However, there is an exception to this rule if you opt for Moratorium Underwriting. If you don't suffer symptoms or require treatment for a pre-existing medical condition for a period of 2-years after taking out your private health insurance policy, most insurers will then include that condition in your cover.

Monthly premiums

Private health insurance isn't free, which is a disadvantage compared to the NHS, and you'll need to pay regular insurance premiums. You'll also find that the cost of your insurance will usually increase every year as you age.

Finding a policy can be complicated (we can help)

Navigating the increasingly complex world of health insurance is a full-time job. Our FCA-approved health insurance brokers are here to answer any questions you may have and provide you with free policy advice.

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How much does private health insurance cost?

We recently researched the average cost of private health insurance and obtained over 700 quotes from the eight leading private health insurance providers. While the price of your policy will differ based on your requirements, age, location, medical history and more, we can share those numbers with you to give you an idea of what you might expect to pay.

The average cost of comprehensive private medical insurance cover

  • 20 years old - £36.75 per month
  • 30 years old - £48.47 per month
  • 40 years old - £60.55 per month
  • 50 years old - £78.26 per month
  • 60 years old - £112.90 per month
  • 70 years old - £179.80 per month

Average based on quotes from eight leading health insurers in 10 UK cities. Prices are accurate as of 16th February 2022. We opted for a comprehensive policy, with a £250 excess (or as close as possible), outpatient cover limited to a maximum of £1,500 in claims per year, and we included therapies cover. We defaulted to each provider's standard hospital list and used moratorium underwriting.

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Summary

Overall, we believe private healthcare insurance's benefits outweigh the disadvantages. It should always be remembered that it works alongside the NHS, not instead. When you look at it like that, you soon start to see that you will have all the benefits of the NHS and private healthcare.

Is health insurance worth it?

Medical insurance is increasingly becoming more valuable with the challenges the NHS faces in the UK. While it'll never replace the NHS, having the ability to access private healthcare services is hugely beneficial to many.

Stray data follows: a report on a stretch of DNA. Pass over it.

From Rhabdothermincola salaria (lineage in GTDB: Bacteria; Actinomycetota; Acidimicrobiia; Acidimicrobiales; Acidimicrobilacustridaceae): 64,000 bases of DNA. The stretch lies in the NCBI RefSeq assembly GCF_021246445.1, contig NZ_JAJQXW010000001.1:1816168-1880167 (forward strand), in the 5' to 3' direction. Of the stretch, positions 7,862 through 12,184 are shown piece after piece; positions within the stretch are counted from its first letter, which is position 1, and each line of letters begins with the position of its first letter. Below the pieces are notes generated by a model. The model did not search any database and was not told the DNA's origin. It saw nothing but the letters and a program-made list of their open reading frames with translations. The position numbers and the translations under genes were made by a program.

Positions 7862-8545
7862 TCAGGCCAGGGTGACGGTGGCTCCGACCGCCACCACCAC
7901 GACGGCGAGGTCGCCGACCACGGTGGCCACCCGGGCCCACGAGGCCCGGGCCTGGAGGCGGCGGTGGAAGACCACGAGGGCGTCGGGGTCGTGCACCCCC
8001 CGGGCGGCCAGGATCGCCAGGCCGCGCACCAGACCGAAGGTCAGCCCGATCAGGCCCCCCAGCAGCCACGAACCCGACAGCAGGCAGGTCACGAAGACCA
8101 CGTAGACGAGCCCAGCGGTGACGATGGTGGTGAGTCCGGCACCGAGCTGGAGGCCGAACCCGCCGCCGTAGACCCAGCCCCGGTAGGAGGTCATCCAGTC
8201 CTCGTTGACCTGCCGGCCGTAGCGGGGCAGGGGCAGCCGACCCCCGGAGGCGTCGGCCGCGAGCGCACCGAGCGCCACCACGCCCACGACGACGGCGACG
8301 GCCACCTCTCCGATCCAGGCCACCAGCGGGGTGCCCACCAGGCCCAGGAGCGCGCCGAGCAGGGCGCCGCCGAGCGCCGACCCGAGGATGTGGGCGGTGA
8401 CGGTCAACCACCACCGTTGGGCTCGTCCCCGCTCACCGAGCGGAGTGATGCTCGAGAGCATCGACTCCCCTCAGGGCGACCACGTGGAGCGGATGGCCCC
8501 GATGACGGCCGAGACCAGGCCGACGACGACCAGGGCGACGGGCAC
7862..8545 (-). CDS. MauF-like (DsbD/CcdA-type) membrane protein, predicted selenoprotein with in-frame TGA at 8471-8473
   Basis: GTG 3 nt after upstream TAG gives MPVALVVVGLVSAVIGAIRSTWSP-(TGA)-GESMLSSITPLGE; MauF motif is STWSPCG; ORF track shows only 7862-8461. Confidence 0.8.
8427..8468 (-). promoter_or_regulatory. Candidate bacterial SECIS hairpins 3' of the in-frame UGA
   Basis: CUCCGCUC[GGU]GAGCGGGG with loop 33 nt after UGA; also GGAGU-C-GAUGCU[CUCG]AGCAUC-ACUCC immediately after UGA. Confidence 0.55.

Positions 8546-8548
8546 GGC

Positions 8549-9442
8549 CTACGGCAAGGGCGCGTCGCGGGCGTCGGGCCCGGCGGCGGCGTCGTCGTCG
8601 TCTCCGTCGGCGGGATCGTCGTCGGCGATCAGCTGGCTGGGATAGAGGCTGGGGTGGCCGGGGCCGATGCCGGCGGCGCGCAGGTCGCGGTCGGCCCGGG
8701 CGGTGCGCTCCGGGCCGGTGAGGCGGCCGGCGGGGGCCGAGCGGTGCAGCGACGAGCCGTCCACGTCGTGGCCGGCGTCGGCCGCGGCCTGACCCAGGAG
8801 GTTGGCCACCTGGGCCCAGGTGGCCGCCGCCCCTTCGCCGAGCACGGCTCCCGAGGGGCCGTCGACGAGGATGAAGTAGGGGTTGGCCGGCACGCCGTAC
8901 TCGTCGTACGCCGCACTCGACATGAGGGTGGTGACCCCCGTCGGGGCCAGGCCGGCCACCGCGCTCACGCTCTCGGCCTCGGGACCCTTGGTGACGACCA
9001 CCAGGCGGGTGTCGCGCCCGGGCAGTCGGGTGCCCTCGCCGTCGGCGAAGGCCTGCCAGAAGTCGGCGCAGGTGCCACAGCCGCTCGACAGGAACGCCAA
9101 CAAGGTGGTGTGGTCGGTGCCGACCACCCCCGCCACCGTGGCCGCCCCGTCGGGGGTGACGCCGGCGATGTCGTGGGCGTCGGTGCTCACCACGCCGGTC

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Disclaimer: This information is general and what is best for you will depend on your personal circumstances. Please speak with a financial adviser or do your own research before making a decision.

This article was written by:
Chris Steele
Founder and Editor

Chris is our resident private health insurance and healthcare expert. He has over a decade of experience writing about private medical insurance and treatment. He's Chartered Insurance Institute qualified and is regularly quoted by the national press.

Frequently Asked Questions

Is it worth getting private health insurance in the UK?

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Private medical insurance is becoming increasingly valuable in the UK due to the NHS's record-breaking backlogs. With people being stuck on waiting lists for many months, private healthcare insurance policies give you the assurance that you will be treated as soon as possible if you become unwell or suffer an injury.

Is private healthcare better than the NHS?

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The NHS is brilliant and provides many services that the private sector can't, however it is overburdened. Private healthcare has many advantages, but it would be wrong to say it is categorically "better".

Is it worth having private health insurance for pregnancy?

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Private medical insurance doesn't typically cover routine pregnancy, so it's not worth taking out a policy if that's why you are thinking of it.

Is it worth keeping private medical insurance?

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Private medical insurance has never been more valuable given the NHS's challenges. While it can be expensive, the benefits it provides are extensive. If you're considering cancelling your policy due to the cost, please request a comparison quote from us, as our brokers can typically find ways to reduce your premiums without sacrificing too much cover.

How does medical insurance work in the UK?

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Medical insurance gives you access to private healthcare providers in the UK. What is and isn't covered by your private medical insurance depends on your policy, with basic ones covering inpatient treatments and surgeries and more comprehensive policies covering outpatient treatments. Private medical insurance doesn't cover pre-existing medical conditions, so if you're currently suffering symptoms or waiting for treatment, you'll need to stay with the NHS or pay for the private treatment yourself. In most cases, you'll still need to see your NHS GP before being referred for tests or treatments privately.